1. Pour some soy sauce into a dish. If you’d like a little spice, the wasabi can be gently ‘brushed’ onto the sushi with a chopstick as you eat. You can also mix the wasabi directly into the soy sauce.

  2. If you’re eating in a restaurant and you’ve been given wooden chopsticks, separate them and place them down on the side of the plate. Don’t rub them together as it will imply that you think the chopsticks are low quality and that they’ll give you splinters. And don’t leave the chopsticks sticking out of the bowl or lay them on the table if you’re using them.

  3. To eat the sushi, pick up a piece using chopsticks or with your hands (unless it’s sashimi — it’s more common to use chopsticks or a fork to pick up a slice of fish). Then, if you wish, you can dip the piece of sushi into the soy sauce dish. Make sure to dip the sushi fish-side or seaweed-side down (many people dip the rice into the soy sauce in error). These are the recommended sides to dip to avoid ruining the balance of flavours by over-dipping. The rice can soak up too much soy sauce and it overpowers the other flavours. Normally, you’d eat the white fish sushi first and then the rich, darker, oily fish.

  4. Smaller pieces of sushi like sashimi and nigiri should be eaten in one bite, but larger American-style rolls may need to be eaten in more bites.

  5. Chew slowly and carefully so that you can taste all the delicious flavours.  Take a bite of ginger in between eating each piece of sushi. This will serve to cleanse your palate so you can relish the full flavour of the next piece.

Can you eat sushi with your fingers? 

Sushi is a great finger food: eating sushi with your hands is perfectly acceptable. In fact, eating sushi with your hands is a traditional way to eat sushi, especially nigiri. 

In a restaurant, you’ll see many people using chopsticks, but don't feel embarrassed if you have to use a fork. Using a fork is preferable to stabbing the sushi with a chopstick if you don’t know how to use them – as the sushi will fall apart and you won’t experience the best combination of flavours.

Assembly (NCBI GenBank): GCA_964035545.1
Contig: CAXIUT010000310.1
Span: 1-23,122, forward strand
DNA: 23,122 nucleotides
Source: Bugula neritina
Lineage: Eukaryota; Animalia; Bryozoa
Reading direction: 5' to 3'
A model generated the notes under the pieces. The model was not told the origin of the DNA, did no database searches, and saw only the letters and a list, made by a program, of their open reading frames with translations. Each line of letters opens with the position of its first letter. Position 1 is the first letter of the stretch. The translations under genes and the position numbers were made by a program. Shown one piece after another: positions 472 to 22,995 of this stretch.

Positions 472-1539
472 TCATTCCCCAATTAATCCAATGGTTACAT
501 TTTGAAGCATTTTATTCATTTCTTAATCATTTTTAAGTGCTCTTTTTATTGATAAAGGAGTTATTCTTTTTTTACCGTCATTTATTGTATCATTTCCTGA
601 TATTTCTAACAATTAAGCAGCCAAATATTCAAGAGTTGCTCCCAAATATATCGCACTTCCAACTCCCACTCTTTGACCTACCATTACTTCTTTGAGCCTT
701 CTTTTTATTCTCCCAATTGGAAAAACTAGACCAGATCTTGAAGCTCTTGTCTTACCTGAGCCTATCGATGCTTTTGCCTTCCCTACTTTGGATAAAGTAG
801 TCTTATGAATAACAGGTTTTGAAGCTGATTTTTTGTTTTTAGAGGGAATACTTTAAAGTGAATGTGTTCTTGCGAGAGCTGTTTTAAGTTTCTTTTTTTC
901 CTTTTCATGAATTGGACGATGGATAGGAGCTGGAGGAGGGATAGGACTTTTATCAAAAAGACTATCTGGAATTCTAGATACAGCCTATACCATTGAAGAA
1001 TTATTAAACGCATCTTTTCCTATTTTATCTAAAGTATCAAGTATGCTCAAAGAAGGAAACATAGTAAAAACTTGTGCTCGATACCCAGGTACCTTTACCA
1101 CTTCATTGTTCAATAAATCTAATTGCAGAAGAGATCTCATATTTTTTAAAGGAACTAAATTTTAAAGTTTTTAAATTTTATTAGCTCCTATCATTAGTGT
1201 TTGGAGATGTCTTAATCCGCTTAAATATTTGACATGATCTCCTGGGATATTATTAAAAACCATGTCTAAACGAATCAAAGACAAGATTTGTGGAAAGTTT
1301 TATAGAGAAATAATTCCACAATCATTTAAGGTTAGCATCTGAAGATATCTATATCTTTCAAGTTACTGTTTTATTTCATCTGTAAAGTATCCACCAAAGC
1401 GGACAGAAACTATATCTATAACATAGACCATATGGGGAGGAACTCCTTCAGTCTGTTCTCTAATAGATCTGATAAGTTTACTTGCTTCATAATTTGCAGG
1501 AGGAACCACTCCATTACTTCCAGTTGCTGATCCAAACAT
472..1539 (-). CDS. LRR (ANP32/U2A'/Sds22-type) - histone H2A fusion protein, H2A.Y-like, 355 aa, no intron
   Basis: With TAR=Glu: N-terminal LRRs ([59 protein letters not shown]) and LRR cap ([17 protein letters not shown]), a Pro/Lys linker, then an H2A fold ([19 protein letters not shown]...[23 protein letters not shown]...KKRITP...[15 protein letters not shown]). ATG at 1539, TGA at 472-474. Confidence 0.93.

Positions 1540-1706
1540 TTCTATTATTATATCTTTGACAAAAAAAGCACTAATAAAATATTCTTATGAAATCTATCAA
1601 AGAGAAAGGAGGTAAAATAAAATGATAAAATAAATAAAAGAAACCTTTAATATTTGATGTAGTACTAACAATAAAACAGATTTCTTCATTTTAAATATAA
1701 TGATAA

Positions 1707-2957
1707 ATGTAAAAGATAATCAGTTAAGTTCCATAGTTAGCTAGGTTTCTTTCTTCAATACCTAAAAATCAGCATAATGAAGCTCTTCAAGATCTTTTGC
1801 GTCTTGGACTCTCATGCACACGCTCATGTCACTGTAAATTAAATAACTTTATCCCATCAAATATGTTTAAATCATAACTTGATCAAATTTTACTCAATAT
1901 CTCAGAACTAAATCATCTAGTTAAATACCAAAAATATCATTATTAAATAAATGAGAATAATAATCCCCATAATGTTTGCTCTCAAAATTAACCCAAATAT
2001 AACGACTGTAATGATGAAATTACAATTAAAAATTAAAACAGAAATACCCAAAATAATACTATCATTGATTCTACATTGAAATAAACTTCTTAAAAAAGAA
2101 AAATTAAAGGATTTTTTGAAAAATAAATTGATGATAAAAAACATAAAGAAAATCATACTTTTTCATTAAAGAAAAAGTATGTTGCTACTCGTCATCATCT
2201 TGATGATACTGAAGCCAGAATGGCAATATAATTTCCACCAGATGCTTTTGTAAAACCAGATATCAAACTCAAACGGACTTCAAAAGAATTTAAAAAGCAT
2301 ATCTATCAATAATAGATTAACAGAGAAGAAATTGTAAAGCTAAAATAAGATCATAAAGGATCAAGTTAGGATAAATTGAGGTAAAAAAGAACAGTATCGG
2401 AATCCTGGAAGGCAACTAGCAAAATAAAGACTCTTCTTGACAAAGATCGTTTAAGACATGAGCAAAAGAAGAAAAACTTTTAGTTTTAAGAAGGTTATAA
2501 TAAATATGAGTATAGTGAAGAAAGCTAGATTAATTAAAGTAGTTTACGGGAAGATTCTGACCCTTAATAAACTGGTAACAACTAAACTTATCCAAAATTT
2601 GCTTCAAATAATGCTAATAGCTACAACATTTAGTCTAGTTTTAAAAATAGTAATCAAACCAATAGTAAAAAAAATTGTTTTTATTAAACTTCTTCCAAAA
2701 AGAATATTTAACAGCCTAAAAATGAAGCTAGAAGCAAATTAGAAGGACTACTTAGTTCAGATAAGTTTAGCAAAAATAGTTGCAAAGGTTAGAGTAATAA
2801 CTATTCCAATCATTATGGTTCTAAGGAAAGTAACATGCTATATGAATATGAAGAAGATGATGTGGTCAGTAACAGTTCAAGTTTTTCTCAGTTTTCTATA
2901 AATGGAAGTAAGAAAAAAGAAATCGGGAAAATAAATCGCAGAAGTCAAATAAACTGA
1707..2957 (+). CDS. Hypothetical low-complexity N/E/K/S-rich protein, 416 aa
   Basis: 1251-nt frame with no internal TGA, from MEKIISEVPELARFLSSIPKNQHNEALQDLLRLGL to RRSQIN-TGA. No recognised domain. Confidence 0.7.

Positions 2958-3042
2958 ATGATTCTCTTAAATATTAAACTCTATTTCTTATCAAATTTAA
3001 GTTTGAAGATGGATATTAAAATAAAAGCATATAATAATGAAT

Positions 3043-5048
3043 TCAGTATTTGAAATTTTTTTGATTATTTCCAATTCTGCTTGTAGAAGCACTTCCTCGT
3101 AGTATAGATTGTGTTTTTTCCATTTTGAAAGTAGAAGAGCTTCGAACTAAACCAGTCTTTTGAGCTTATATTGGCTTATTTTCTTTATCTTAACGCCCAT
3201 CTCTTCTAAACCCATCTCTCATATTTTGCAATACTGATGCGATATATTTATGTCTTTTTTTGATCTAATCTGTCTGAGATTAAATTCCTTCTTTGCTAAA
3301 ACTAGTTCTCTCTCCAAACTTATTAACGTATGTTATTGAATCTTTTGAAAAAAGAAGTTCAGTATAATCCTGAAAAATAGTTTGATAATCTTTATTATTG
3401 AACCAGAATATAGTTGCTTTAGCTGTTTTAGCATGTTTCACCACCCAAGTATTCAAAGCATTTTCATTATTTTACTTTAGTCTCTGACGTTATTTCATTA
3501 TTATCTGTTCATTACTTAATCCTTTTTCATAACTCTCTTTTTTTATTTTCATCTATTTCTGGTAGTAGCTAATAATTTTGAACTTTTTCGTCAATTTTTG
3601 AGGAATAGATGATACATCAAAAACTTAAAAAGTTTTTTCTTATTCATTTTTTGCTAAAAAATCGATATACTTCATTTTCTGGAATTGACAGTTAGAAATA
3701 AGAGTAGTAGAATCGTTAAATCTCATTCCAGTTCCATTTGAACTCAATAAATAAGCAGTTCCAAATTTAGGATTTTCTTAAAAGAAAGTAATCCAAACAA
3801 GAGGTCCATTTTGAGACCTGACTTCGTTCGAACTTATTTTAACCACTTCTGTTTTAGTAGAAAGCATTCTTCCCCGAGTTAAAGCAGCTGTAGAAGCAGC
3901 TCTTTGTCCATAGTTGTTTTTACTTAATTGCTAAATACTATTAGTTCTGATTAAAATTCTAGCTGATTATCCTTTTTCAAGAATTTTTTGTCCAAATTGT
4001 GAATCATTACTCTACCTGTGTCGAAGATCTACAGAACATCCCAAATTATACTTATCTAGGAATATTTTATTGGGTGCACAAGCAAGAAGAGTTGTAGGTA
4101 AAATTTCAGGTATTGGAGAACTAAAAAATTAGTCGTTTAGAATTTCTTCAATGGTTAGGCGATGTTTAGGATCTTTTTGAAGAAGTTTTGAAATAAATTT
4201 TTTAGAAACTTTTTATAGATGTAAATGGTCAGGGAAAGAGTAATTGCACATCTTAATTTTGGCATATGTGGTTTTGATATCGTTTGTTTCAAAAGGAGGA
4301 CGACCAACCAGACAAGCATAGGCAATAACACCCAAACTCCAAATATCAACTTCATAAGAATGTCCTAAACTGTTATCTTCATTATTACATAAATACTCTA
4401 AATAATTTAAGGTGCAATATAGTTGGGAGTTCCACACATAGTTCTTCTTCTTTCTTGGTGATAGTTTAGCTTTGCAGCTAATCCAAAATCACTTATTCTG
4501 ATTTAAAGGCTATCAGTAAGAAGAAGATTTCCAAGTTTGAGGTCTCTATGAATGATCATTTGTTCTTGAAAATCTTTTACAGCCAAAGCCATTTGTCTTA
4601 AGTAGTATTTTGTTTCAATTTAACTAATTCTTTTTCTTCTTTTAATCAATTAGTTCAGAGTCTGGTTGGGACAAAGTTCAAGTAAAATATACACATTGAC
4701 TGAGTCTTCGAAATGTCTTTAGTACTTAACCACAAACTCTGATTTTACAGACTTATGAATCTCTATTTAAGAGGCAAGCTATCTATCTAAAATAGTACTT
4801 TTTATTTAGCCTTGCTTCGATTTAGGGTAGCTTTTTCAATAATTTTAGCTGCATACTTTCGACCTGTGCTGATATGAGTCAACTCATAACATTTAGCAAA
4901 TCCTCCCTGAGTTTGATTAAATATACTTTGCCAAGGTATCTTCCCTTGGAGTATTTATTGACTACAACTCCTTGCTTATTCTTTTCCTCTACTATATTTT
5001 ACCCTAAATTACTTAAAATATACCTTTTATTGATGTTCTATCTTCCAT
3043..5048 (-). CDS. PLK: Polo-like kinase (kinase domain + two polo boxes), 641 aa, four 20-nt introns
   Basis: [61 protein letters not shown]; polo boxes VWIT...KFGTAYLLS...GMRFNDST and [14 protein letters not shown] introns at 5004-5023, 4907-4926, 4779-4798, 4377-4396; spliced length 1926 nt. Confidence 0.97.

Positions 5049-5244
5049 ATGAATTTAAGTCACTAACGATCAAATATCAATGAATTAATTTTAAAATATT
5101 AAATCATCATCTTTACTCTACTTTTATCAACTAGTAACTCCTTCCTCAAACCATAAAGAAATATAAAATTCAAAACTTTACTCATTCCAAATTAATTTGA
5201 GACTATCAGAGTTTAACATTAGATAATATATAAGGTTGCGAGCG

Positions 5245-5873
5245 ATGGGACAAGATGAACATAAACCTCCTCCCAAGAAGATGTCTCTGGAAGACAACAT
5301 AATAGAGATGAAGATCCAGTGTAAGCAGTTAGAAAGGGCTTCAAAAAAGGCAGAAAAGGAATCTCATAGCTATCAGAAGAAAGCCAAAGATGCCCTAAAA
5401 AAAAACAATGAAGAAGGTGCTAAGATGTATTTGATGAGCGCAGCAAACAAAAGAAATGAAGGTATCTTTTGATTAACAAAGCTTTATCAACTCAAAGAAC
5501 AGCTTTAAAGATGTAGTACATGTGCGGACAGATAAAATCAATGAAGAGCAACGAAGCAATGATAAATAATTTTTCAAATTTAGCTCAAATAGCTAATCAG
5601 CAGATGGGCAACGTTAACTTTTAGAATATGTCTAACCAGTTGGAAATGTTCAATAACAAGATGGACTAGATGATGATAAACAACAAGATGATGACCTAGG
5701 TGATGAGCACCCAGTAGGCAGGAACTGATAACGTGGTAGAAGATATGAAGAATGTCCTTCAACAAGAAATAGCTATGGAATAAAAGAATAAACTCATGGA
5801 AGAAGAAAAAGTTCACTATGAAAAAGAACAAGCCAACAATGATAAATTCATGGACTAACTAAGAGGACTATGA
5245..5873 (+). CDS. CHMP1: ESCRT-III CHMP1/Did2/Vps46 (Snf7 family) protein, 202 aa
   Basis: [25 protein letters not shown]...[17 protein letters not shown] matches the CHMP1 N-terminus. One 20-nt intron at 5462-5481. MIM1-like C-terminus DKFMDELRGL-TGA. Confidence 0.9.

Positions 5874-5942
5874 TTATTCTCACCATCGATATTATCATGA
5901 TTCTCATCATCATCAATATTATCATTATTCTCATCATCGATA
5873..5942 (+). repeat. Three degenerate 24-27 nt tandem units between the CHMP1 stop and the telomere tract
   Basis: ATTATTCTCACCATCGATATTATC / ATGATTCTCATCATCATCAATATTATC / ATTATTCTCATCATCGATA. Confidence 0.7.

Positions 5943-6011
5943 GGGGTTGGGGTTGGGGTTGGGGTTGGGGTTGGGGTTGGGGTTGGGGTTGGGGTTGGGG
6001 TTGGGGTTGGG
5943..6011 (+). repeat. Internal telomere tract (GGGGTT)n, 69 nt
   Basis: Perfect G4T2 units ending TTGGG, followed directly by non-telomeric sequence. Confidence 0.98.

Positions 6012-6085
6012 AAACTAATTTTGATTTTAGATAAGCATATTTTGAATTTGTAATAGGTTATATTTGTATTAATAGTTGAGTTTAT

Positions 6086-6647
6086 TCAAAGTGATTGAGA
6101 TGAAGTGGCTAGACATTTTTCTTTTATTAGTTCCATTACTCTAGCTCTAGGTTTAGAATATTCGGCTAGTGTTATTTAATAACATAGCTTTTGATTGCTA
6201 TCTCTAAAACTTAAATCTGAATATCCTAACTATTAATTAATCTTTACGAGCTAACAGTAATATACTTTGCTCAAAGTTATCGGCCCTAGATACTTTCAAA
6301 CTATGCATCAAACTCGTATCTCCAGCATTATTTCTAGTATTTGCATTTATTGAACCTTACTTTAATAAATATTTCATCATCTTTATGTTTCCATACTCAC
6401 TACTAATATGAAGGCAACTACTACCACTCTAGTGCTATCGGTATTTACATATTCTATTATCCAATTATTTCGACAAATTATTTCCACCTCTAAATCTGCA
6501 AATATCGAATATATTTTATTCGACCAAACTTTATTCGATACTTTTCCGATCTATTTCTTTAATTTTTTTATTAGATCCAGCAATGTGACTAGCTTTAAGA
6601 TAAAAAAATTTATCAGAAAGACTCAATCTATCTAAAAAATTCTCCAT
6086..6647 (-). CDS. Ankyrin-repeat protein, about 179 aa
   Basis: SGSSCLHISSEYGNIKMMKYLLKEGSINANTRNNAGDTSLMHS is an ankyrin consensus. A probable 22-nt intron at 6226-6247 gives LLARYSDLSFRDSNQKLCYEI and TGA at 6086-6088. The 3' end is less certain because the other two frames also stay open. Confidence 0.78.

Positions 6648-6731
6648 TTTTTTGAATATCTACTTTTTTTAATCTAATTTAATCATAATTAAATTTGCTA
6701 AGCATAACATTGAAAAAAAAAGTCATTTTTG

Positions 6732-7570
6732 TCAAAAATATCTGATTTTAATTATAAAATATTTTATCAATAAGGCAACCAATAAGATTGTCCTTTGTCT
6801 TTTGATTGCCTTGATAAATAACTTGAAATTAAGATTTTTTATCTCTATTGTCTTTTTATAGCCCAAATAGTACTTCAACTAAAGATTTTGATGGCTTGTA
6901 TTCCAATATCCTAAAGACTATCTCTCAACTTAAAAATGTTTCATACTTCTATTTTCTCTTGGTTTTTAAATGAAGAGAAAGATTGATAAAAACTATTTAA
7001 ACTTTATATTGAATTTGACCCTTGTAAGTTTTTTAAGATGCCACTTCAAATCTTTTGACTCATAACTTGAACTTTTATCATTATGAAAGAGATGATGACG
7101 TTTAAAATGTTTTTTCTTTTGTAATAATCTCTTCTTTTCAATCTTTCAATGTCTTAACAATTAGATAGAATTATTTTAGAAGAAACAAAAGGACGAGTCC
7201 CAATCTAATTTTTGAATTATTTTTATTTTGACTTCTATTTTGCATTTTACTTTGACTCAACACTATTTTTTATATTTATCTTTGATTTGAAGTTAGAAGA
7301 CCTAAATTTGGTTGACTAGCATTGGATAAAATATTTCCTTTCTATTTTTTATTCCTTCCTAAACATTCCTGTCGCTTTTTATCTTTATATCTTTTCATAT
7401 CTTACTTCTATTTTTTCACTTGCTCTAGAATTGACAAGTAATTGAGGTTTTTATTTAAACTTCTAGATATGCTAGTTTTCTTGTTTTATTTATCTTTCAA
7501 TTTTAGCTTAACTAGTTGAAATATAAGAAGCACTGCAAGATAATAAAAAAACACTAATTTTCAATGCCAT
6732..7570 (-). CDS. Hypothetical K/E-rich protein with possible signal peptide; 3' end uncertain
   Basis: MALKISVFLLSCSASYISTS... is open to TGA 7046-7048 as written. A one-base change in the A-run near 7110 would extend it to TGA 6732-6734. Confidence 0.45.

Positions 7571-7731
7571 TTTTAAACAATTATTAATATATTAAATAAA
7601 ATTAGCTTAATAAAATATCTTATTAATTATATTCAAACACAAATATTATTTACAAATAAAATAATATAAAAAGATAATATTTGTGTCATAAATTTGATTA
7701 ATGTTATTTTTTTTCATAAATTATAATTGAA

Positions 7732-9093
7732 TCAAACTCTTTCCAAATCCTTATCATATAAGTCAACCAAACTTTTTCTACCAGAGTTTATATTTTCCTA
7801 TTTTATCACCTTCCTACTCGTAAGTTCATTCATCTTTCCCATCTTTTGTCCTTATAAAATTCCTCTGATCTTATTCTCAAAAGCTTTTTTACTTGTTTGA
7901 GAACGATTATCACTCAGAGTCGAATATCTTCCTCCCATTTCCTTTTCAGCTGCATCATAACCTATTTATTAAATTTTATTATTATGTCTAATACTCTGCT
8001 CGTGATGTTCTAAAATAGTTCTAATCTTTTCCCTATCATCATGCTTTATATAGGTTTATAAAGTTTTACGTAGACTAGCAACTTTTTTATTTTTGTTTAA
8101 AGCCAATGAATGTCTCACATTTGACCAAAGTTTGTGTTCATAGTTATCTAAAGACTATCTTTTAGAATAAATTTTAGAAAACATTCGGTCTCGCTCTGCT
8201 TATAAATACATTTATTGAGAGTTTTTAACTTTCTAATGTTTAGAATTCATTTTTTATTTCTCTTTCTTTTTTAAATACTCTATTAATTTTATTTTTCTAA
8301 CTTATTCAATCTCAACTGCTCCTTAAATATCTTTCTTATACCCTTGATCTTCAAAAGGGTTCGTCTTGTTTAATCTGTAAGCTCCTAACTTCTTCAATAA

How do you use chopsticks?

  • Step 1: Hold your dominant hand loosely. Place the first chopstick in the hollow between your index finger and thumb, while balancing it on your ring finger. 
  • Step 2: Place the second chopstick in the same hollow, but rest it on your middle finger instead.
  • Step 3: Your base chopstick should remain still but you can use your index and middle fingers to bring the tip of the upper chopstick to meet the tip of the lower. You’ll then pick up the sushi using the tips of the chopsticks in a pincer action. Practise and practise some more and you’ll soon get the hang of it. 

Many people feel intimidated by all the options when they first try sushi. But that’s one of the best things about sushi — there are so many flavours to try. Let this guide encourage you to take that first taste. Eating sushi is easy and if you have a sense of adventure you can savour the finest, freshest ingredients. It's easy to get hooked! 

If you feel intimidated by a restaurant, try eating sushi at home with a sushi making kit using the best ingredients. You’ll not only enjoy trying some authentic flavours in the comfort of your own home, but the process of cooking, cutting and rolling is so much fun and accessible for all. It’s a great activity to bring friends and family together.